#6 Coming Back Stronger
by Drew Brees with Chris Fabry
Tyndale House Publishers, 2010
Winning a Super Bowl entitles you to a book. I don’t have any problem with that. Win the Super Bowl and the quarterback gets a book, the coach gets a book . . . hell, if a running back is the MVP, then even he can have a book (sorry defense and special teams). It’s an optional revenue stream, like saying “I’m going to Disneyworld!” after the game, and a fairly innocuous one. People who don’t think these temporary heroes deserve a book are probably the same people who were upset when the game itself pre-empted Dancing with Rehabbing Celebrities or whatever, i.e., not sports fans.
It is not expected that these trophy books be good. My assumed standard for an athlete’s topical memoir is that it be perfunctory. Everyone in professional sports has worked hard for a long time to get where they are. If someone’s performance in the championship game delivers the opportunity to tell his story, then I have every expectation that the story will be inspirational and serve as an example of how working hard and being a teammate can result in a big, just payoff. It wouldn’t hurt to throw in a little locker-room scuttlebutt either.
Quarterback Drew Brees’ memoir and story of winning the Super Bowl XLIV fails to live up to any of my expectations. It’s not that his story isn’t inspirational. The man fought through incredible amounts of adversity, always with a positive attitude, to lead the recently-devastated city of New Orleans’ football team to its first-ever championship win. A better-than-perfunctory book was there for the making, no question. The trouble is with the ham-fisted way either he or his ghostwriter, Chris Fabry, tries to straddle the line between telling an inspirational story and force-feeding the reader a Christian self-help book. There is no leaving it up to the reader to take away the lessons of Drew Brees’ ability to overcome adversity here. You are point-blank instructed about how to apply Brees’ lessons in your own life:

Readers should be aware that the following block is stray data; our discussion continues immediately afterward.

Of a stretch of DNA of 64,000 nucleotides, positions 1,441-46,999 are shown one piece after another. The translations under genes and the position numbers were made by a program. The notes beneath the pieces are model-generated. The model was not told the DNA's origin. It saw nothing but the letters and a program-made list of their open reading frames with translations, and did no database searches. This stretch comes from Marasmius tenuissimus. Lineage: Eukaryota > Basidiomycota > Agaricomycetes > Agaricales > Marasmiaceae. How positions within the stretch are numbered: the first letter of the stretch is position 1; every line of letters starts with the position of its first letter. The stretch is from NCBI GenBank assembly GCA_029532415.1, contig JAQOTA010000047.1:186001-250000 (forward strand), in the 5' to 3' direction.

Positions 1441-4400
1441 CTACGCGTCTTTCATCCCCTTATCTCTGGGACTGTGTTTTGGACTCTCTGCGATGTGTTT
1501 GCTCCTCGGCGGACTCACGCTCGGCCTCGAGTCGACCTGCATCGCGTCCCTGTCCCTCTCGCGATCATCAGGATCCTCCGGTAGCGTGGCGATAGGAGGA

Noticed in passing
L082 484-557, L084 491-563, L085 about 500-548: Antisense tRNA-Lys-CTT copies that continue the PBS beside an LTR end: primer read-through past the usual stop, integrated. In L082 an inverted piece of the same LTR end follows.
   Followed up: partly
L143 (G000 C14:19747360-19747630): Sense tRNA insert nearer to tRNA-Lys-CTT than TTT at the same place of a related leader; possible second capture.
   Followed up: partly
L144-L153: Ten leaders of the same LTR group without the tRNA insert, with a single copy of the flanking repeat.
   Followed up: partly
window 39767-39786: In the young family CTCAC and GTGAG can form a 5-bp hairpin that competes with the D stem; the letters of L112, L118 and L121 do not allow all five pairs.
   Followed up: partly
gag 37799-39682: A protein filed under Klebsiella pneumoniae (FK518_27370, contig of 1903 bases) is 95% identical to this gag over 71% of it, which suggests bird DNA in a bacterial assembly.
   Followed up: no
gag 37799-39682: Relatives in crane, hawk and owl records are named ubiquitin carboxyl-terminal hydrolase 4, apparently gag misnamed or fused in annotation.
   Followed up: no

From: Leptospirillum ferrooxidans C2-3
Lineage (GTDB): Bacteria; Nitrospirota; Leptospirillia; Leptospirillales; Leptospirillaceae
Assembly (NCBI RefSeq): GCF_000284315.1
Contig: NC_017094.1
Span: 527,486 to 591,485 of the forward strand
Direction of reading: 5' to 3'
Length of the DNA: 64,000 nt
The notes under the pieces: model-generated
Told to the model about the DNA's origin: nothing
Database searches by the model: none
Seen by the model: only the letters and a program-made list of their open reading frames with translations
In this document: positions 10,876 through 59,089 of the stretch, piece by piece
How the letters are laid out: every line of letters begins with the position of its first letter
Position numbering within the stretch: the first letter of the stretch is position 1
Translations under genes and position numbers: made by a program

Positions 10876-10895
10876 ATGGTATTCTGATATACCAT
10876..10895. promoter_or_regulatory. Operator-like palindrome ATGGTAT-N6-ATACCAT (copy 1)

If God leads you to it, he will lead you through it. Everything happens for a reason, and everything is part of his master plan. If you let adversity do its work in you, it will make you stronger. When you come out the other side, you may be amazed at the things God has allowed you to accomplish – things you might not have believed were possible.
His message is ridiculously insistent. Some form of the above-quoted sentiment isn’t just the conclusion of each chapter (though it is that too), it is the concluding sentence of every paragraph. Coming Back Stronger would be an excellent book for unexceptional middle-schoolers to practice identifying themes. And, in case anyone does manage to miss it (or needs to cram for the test), there is a handy cheat sheet: the epilogue is a bulleted list summarizing the pabulum that passes for battle-earned wisdom: don’t give up; turn your defeats into triumphs; finish strong.